MONTEREY, CALIF.: SNL Kagan says the U.S. advertising market is recovering after two tough years. The total ad market is projected to reach $210.5 billion this year, up nearly three percent following declines in 2008 and 2009. SNL Kagan forecasts the market will continue to grow, reaching $214.3 billion next year and $275.8 billion by 2019.
The platforms expected to have the strongest growth this year will be mobile, broadcast TV stations and Internet, while business publications and newspapers will post the biggest drops. Kagan said old-media sectors are unlikely to recover from the migration of ad spending toward new media.
“New media, such as mobile and Internet advertising, continue to boom, while old media, particularly print, is increasingly losing its relevance. Dollars are shifting into new platforms and those drawing the most eyeballs, such as cable TV,” said Kagan’s Derek Baine. Cable’s take is projected to grow to $30.2 billion in 2011 and $55.1 billion by 2019, up from $12 billion in 1999.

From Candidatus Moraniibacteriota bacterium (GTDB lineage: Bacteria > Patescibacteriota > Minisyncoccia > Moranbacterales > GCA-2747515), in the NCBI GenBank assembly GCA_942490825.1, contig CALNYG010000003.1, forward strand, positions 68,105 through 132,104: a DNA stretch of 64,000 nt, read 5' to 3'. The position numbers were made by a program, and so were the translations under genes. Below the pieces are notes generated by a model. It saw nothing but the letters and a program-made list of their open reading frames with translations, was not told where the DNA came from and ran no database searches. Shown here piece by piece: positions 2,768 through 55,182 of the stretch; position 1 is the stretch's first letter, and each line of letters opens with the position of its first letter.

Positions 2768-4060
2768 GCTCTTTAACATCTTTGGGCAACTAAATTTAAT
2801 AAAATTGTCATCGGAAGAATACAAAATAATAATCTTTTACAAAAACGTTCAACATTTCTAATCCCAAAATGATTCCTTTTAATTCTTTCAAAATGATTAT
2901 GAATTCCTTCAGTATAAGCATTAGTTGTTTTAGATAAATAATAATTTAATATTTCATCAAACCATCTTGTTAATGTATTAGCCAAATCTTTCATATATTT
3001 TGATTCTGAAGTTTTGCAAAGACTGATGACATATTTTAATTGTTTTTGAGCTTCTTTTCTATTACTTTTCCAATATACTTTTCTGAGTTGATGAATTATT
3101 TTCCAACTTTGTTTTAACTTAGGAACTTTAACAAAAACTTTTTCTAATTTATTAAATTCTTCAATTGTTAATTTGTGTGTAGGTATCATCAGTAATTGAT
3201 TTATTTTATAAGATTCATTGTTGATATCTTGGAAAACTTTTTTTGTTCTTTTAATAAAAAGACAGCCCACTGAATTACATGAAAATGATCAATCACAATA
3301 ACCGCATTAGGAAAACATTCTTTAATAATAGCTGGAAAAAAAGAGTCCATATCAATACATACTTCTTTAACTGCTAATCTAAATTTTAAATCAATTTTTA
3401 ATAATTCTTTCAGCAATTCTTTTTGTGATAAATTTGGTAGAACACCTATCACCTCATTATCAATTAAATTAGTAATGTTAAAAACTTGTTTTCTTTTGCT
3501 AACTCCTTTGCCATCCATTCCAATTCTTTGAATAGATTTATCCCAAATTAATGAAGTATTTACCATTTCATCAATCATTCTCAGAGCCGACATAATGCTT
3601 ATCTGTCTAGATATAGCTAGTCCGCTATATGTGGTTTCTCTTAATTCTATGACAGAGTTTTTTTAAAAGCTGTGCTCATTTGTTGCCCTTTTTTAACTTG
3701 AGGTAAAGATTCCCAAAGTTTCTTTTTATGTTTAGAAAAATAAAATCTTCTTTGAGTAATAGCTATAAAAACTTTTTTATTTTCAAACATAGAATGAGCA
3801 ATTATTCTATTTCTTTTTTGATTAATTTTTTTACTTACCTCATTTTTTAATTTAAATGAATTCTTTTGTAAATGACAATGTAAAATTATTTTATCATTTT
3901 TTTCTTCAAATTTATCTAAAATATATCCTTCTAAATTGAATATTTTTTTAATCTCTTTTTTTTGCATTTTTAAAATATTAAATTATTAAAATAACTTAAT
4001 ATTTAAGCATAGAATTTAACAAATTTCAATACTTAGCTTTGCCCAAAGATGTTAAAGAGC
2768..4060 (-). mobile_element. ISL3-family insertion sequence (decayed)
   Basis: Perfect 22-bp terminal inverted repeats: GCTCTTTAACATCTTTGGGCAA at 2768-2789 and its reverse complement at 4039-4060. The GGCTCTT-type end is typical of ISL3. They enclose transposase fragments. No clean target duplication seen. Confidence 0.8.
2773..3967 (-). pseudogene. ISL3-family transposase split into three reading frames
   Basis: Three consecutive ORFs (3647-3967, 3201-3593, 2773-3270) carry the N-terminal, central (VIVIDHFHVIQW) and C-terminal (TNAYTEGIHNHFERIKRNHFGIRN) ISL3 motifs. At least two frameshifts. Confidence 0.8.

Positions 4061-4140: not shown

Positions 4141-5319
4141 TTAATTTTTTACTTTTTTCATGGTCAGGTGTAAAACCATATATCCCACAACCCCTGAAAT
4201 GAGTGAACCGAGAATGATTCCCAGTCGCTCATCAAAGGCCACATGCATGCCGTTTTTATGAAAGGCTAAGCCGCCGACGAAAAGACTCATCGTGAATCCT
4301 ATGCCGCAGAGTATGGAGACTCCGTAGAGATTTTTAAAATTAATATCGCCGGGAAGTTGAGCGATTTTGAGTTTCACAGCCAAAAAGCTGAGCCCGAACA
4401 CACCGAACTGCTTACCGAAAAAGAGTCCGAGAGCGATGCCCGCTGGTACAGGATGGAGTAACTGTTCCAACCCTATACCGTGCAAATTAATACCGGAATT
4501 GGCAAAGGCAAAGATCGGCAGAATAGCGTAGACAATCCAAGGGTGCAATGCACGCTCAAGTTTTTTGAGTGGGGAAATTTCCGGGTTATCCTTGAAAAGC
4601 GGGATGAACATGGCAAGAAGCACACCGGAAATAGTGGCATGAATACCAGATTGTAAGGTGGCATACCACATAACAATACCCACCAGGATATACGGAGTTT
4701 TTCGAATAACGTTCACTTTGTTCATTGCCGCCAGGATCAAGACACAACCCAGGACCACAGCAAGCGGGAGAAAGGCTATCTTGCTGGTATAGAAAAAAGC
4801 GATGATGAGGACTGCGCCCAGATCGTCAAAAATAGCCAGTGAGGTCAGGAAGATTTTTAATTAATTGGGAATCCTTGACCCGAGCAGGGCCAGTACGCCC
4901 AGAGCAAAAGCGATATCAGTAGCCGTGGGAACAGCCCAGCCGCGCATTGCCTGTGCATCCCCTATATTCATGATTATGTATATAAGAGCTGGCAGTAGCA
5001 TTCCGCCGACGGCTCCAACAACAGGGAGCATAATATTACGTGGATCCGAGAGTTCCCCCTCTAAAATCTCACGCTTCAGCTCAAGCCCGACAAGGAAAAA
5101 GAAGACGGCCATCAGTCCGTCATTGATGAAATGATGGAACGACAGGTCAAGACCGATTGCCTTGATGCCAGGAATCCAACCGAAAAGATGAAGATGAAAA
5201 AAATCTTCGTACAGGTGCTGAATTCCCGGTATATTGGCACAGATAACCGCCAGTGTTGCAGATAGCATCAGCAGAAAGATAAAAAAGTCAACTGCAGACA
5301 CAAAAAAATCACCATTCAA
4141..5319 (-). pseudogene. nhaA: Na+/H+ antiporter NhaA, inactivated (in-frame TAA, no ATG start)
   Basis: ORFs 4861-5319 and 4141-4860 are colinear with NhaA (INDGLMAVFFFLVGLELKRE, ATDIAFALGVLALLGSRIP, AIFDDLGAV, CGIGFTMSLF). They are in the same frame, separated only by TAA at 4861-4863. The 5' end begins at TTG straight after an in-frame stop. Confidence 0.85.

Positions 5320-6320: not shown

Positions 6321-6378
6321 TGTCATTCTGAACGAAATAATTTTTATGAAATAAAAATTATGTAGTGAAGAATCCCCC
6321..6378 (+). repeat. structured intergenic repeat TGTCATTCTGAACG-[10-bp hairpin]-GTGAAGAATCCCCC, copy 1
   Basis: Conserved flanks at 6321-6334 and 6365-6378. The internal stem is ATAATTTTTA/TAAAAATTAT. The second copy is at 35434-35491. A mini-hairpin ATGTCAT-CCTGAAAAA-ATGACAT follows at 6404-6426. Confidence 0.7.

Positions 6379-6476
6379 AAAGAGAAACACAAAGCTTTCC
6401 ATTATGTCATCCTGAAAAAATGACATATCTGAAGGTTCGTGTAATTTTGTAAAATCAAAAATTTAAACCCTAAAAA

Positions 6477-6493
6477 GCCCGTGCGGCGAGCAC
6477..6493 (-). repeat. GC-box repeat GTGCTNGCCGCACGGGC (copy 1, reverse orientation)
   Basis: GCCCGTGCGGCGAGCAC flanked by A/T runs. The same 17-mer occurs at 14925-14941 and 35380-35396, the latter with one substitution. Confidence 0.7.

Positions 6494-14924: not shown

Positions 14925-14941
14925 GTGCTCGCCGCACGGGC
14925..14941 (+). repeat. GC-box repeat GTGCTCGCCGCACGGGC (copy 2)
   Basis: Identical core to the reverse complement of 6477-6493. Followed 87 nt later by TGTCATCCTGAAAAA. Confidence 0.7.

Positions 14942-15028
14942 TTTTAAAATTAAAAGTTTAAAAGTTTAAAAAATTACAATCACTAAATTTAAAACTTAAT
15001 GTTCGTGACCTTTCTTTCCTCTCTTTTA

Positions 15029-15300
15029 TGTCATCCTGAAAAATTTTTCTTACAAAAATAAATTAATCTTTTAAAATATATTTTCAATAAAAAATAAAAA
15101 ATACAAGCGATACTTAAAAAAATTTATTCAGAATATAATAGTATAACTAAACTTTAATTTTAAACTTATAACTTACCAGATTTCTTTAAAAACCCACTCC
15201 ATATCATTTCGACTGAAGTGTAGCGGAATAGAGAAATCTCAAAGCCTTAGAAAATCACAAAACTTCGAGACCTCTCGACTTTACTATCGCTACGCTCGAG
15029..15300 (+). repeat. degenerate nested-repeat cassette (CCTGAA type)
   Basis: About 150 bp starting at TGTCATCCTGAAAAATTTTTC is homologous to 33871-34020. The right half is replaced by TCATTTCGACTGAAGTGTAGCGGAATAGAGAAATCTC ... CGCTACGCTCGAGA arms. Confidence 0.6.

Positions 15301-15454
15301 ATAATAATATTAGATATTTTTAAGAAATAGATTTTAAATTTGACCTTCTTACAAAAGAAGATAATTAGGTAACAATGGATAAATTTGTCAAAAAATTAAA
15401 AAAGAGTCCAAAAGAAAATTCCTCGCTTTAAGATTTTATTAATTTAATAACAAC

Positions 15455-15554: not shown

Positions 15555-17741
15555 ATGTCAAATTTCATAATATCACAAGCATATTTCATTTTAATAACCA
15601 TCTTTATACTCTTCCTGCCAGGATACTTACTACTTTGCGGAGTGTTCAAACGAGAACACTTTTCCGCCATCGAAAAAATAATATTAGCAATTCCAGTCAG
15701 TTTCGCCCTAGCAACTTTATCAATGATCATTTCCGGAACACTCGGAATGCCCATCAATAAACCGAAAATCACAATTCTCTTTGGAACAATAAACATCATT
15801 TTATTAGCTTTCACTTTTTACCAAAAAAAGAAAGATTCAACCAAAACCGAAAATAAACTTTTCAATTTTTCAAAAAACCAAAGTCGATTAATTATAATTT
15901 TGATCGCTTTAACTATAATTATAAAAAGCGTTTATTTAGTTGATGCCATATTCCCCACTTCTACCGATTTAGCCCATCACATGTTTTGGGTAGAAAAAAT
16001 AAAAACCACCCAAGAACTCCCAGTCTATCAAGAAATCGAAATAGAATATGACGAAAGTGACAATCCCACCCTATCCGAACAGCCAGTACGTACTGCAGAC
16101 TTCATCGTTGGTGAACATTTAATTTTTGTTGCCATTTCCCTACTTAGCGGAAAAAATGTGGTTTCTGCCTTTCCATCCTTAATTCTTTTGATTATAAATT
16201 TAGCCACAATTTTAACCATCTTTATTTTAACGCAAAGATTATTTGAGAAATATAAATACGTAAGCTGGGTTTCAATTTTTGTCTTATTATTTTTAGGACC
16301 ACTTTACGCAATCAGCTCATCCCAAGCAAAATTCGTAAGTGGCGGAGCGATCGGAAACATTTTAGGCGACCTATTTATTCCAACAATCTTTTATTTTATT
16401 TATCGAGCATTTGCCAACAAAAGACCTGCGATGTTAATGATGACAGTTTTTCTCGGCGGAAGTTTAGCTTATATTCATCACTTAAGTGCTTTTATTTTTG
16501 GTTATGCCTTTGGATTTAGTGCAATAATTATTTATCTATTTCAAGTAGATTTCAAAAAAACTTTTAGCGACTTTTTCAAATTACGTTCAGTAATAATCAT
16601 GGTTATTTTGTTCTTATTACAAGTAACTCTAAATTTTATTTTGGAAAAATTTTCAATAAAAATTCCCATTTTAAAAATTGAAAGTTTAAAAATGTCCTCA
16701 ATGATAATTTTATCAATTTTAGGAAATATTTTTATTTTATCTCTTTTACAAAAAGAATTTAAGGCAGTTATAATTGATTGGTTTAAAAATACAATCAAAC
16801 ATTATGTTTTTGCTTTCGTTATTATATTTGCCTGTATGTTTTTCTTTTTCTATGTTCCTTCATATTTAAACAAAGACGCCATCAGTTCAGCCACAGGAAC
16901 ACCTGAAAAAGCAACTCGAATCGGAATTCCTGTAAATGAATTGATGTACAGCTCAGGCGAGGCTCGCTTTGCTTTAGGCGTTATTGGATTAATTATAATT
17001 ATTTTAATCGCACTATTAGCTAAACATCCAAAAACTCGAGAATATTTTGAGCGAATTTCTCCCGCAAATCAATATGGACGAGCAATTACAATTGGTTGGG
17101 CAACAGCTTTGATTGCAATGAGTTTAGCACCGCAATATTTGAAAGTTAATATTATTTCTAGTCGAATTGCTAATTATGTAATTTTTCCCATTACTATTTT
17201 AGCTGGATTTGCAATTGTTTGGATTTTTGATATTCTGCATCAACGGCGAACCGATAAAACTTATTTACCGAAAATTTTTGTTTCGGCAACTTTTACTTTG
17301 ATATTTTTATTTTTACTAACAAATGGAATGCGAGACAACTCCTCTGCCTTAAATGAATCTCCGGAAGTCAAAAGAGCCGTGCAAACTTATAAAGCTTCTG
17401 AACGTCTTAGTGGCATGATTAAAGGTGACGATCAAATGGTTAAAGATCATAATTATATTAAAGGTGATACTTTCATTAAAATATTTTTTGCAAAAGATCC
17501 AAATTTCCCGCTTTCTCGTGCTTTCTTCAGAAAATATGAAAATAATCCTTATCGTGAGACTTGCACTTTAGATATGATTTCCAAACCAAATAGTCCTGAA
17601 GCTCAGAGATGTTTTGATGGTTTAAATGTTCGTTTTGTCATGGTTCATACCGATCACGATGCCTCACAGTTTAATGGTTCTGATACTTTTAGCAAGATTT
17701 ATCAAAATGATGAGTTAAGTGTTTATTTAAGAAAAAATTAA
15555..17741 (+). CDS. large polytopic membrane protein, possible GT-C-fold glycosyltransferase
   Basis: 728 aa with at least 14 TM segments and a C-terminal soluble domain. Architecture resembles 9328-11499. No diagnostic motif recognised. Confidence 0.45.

Daily newspapers revenues have declined from $46.3 billion in 1999 to a forecasted $23 billion in 2011, Kagan analysts noted. Losses are expected to level off, with revenues remaining flat going forward. Kagan projects newspaper revenues to be $22.5 billion in 2019. Conversely, Internet advertising has grown from $4.7 billion in 1999 to around $27.8 billion in 2011. It’s expected to more than double by 2019, reaching $60.1 billion.
Kagan’s U.S. ad market forecast follows one issued by PricewaterhouseCoopers in June, predicting U.S. ad revenues to grow 2.6 percent annually to reach a total of just $180 billion in 2014. That’s significantly less than Kagan’s projection of $214.3 billion in 2011, but both firms agree that print is contracting and unlikely to recover to pre-Internet levels. PwC said Internet ad spending would surpass that for newspapers for the first time this year.
-- Deborah D. McAdams
June 15, 2010:“Advertising Won’t Rebound to ’07 Levels”
“Advertising revenues remain fragile in nature and spending is unlikely to return to former levels. By 2014, the U.S. advertising spend is expected to still be 9 percent below its level in 2007.”
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